Jeffery: Good morning Aman, thank you very much for joining us today. We’re very excited to have you here today. First, let’s start by asking you where you’re calling in from.
Amandeep: Hi Jeffrey. Thank you so much for having me here and I’m Aman Srivastava, a serial entrepreneur, and energy investor from India.
Jeffery: Brilliant! We love India. We work with India quite frequently and lots of great entrepreneurs and investors have been springing up over the last five years so we’re very excited to dig in. So, welcome everybody to the Supporters Fund Ask An Angel. I’m your host Jeffery Potvin and let’s welcome our investor today which is Aman Srivastava. The way we like to get started is can you please share a little bit about your background and where you’ve come from. I see that you’re an MBA which is brilliant so you’ve got lots of great backgrounds. I’ll let you start by just sharing a bit of insight about yourself and then one thing about you that nobody would know.
Amandeep: First of all, namaste to all from Indian culture and thank you so much Jeffery for having me here. I’m Aman Srivastava, a serial entrepreneur and engineer investor from India. We have a startup journey from 2016. For 2-3 years, I’ve been an entrepreneur and I’m still an entrepreneur. I consider myself a serial entrepreneur because I have founded more than seven startups and invested in more than seven or eight startups till now and we have a good panel of starter investor teams. We love to invest in those startups that make some social impact. We have started with the vision of healing nature with the help of technology. That is the theme of my first startup. Technology is privately limited. India is considered as the healer of nature with the help of technology. Because we are in the AI and IOT domain, I mostly invest in those startups who have some vision of social impact on the natural resources like water work, groundwater conservation, air quality maintenance and this is all about myself.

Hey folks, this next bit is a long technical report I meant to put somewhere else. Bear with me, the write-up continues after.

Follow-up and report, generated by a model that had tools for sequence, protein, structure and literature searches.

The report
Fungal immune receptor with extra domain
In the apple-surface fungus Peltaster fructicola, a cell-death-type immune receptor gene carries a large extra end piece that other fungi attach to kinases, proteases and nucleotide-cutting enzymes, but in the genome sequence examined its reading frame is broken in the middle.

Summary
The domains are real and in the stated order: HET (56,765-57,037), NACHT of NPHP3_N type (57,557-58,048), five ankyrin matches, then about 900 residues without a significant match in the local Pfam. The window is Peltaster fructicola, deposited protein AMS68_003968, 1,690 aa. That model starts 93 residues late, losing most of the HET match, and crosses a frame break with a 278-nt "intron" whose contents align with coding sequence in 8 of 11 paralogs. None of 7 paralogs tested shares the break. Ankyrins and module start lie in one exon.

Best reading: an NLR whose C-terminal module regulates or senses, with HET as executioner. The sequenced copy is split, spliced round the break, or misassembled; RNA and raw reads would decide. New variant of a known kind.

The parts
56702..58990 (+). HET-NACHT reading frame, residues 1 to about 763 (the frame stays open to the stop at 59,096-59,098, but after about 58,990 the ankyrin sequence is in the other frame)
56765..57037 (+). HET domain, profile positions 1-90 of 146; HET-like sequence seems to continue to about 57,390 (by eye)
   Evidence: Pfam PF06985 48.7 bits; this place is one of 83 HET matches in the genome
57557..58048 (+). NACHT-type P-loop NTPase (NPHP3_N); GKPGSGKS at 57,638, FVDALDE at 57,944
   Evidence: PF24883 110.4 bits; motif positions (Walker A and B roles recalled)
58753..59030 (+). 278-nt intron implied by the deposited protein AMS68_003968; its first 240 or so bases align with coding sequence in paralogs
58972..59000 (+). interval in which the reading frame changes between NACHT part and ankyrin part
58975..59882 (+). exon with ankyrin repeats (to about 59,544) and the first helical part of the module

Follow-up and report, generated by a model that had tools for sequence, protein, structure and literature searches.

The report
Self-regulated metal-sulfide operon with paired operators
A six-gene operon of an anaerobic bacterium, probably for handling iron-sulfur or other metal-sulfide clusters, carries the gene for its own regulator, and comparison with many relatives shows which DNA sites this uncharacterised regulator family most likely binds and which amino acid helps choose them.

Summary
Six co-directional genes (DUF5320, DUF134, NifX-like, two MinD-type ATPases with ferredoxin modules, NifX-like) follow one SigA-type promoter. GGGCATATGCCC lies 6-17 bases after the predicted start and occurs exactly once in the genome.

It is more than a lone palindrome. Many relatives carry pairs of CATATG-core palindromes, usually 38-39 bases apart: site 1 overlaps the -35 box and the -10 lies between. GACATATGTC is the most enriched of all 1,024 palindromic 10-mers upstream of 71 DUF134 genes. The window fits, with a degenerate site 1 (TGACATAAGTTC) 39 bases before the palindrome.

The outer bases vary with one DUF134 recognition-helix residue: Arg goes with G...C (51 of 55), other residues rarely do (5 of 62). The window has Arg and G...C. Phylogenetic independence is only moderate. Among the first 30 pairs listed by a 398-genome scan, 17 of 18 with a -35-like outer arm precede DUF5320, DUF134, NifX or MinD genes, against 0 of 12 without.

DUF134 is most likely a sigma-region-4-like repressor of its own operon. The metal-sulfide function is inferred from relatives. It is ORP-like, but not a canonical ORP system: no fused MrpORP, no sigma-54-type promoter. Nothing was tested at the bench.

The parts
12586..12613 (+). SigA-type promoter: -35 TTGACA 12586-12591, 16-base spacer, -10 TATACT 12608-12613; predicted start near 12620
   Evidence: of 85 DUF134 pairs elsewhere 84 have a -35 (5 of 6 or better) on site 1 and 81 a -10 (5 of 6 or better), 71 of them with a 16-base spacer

Jeffery: Brilliant! And one thing about you nobody would know.
Amandeep: The “nobody would know thing” about myself is I’m quite an introvert. At this time, I’m looking for an extra word but I’m quite an introverted guy. I deal with my problems on my own and this thing of this nature of myself made me a good and successful entrepreneur.
Jeffery: I love it. We carry very similar traits there. so I’m a big fan and I’ve loved all the things you’re doing. It’s pretty interesting and I want to kind of jump into some of that because a lot of the time we get a balance between the investor who is running a business. but you’ve kind of taken this to a whole different level. you’re doing something very extraordinary in the sense that you’re using social impact and building companies inside of this space. What got you started in social impact? and from all the podcasts that I’ve listened to you that you’ve been on and all the interviews I’m just totally impressed by how you’ve taken this approach to solve the world’s problem and helping the world heal and I’d love to learn what got you started in this and why you decided to take this approach.